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Slightly off-topic but back in the late 70s early 80s I scored an Onkyo portable radio/cassette player - I had never heard of them so I asked in a hi-fi store (might have been West Coast Hifi if they were around back then ?) and the salesman said they were cheap mass produced crap and that Onkyo is just Japanese for Audio !!

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1 hour ago, niterida said:

Slightly off-topic but back in the late 70s early 80s I scored an Onkyo portable radio/cassette player - I had never heard of them so I asked in a hi-fi store (might have been West Coast Hifi if they were around back then ?) and the salesman said they were cheap mass produced crap and that Onkyo is just Japanese for Audio !!

It never ceases to amaze me how often sales people feel the best way of competing with other brands and products is to denigrate or belittle them, especially from a position of ignorance. (I am not suggesting that niterida has done this, rather they are relating an experience where they have experienced this.)

 

Far better to say something accepting of another product and then to promote the features and benefits of the products they are representing.

 

Maybe if it happened enough in this part of real life, politicians, shock jocks, and other media commentators might get the hint and change tacks. One can but dream! 

 

Back to the colour telly and my glass of red.?

 

ps. almost forgot (from Wikipedia)

 

The word Onkyo translates as "sound resonance". On () is from Chinese pronunciation, with traditional Japanese pronunciation as Oto, meaning "the sound". Kyo () is also from Chinese pronunciation, pronounced as Hibiki (noun) or Hibiku (verb) in traditional Japanese, meaning "resound, sound, or echo". The company started under the name of Osaka Denki Onkyo K.K in 1946 (a company not related to Nippon Denki Onkyo, which became Denon).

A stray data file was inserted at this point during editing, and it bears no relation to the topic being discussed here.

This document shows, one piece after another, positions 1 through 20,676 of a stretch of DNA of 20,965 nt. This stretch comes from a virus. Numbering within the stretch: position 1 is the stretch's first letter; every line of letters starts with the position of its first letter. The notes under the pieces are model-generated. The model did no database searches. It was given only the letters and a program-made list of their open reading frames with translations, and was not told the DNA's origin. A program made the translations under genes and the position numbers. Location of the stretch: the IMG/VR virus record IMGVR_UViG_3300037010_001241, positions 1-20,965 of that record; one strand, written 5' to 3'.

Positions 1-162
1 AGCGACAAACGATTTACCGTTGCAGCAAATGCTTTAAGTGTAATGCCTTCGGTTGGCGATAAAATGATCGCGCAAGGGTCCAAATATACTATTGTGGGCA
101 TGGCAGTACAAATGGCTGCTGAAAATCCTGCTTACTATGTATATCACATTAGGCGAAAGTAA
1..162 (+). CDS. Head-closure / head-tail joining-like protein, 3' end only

Edited by Igotmearecord
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Those photos remind me of when I used to study the Onkyo product brochures, having bought the DX-1500 cd player in the late '80s. Thought I'd see if I could find a copy and yep, the product brochures are available here. https://www.hifiengine.com/manual_library/onkyo/high-fidelity.shtml. Does require a free registration to download which I haven't done yet, so usual caveats about downloading at own risk etc. Looks like a good resource to me though. I'll be having a bit of a nostalgia trip later this weekend ?

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10 hours ago, Tone Malone said:

Those photos remind me of when I used to study the Onkyo product brochures, having bought the DX-1500 cd player in the late '80s. Thought I'd see if I could find a copy and yep, the product brochures are available here. https://www.hifiengine.com/manual_library/onkyo/high-fidelity.shtml. Does require a free registration to download which I haven't done yet, so usual caveats about downloading at own risk etc. Looks like a good resource to me though. I'll be having a bit of a nostalgia trip later this weekend ?

An excellent site have been down loading from them for years with no problems.